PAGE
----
Another program, the Mahi Pono community farm, expects tenants to move in by the end of this month. The program provides “farm ready” land, including water, to local growers for $150 per acre a year. Tentative agreements have been reached with 14 farmers and small businesses for an initial 60 acres. A second phase of community farmland will add more acreage, officials said.

Pivoting amid the pandemic

Despite the pandemic, Mahi Pono last year brought its products to market under the Maui Harvest brand. Potatoes were sold at Whole Foods in Kahului, Honolulu and Kailua; watermelon, KTA Market in Hilo; papayas, Takamiya Market in Wailuku; watermelon, potatoes, eggplant, Pukalani Superette; papayas, Target in Kahului; broccolini, Tamuras in Kahului and Lahaina; and watermelon, Times Supermarket in Kihei and Honokowai.

An extra emphasis was placed on row crops after the onset of the pandemic in order to provide more locally grown potatoes, onions and papaya.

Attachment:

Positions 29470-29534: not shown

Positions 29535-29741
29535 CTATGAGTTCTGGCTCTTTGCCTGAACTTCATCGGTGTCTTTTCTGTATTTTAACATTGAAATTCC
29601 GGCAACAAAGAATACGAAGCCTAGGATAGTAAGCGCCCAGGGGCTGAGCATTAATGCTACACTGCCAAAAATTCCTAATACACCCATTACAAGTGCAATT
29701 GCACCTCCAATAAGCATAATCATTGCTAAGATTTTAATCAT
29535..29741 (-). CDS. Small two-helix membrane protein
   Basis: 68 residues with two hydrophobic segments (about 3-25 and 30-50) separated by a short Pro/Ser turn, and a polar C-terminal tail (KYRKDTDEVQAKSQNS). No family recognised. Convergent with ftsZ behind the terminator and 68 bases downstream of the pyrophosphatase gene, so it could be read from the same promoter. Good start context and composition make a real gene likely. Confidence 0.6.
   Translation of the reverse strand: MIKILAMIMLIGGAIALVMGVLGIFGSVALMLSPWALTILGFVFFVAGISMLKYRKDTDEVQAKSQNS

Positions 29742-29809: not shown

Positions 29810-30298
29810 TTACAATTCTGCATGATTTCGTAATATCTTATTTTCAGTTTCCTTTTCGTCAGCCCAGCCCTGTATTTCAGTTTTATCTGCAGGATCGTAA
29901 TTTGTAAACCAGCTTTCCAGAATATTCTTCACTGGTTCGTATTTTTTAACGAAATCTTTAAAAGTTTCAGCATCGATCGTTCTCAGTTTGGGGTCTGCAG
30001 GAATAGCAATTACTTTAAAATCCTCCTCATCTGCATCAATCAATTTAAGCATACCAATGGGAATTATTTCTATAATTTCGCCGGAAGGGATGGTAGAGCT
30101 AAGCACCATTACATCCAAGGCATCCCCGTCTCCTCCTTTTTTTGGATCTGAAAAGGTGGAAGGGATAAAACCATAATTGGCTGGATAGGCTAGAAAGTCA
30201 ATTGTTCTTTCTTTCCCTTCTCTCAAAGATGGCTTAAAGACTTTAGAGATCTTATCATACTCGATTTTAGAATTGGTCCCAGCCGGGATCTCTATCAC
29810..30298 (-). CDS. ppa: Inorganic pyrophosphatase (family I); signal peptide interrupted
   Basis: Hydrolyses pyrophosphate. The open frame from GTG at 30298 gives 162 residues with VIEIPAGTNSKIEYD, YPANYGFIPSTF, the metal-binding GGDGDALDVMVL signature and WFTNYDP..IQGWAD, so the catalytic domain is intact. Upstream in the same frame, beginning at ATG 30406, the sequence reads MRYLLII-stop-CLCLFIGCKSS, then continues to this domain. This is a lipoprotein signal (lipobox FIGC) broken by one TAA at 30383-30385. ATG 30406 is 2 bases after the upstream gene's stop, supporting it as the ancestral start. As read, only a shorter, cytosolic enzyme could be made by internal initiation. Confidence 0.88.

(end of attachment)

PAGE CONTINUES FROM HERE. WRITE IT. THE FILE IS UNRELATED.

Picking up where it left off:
“This shift allowed us to donate more than 60,000 pounds of produce to nonprofit organizations like Maui Food Bank, Hawaii Foodbank and Chef Hui that directly helped those in need,” Tsutsui said.

Another area of growth despite the pandemic was Mahi Pono’s staff. The company went from 150 employees at the start of 2020 to about 260 employees at the beginning of this year.

“As an essential business during the pandemic, we were fortunate to be able to continue farming, expand operations and hire more employees,” said Mark Vaught, vice president of farm development.

Vaught, Nakama and Tsutsui were promoted in 2020. Tsutsui succeeded Tim O’Laughlin, who relocated to California to focus on new initiatives for both Mahi Pono and Pomona Farming, a news release said.

When it cames to water in 2020, Nakama said Mahi Pono made “every effort to be efficient.”

In 2020 the company diverted an average of 22.7 million gallons per day from East Maui — below the state interim in-stream flow standards and half the allowable water allocation under the Alexander & Baldwin revocable permit, he added.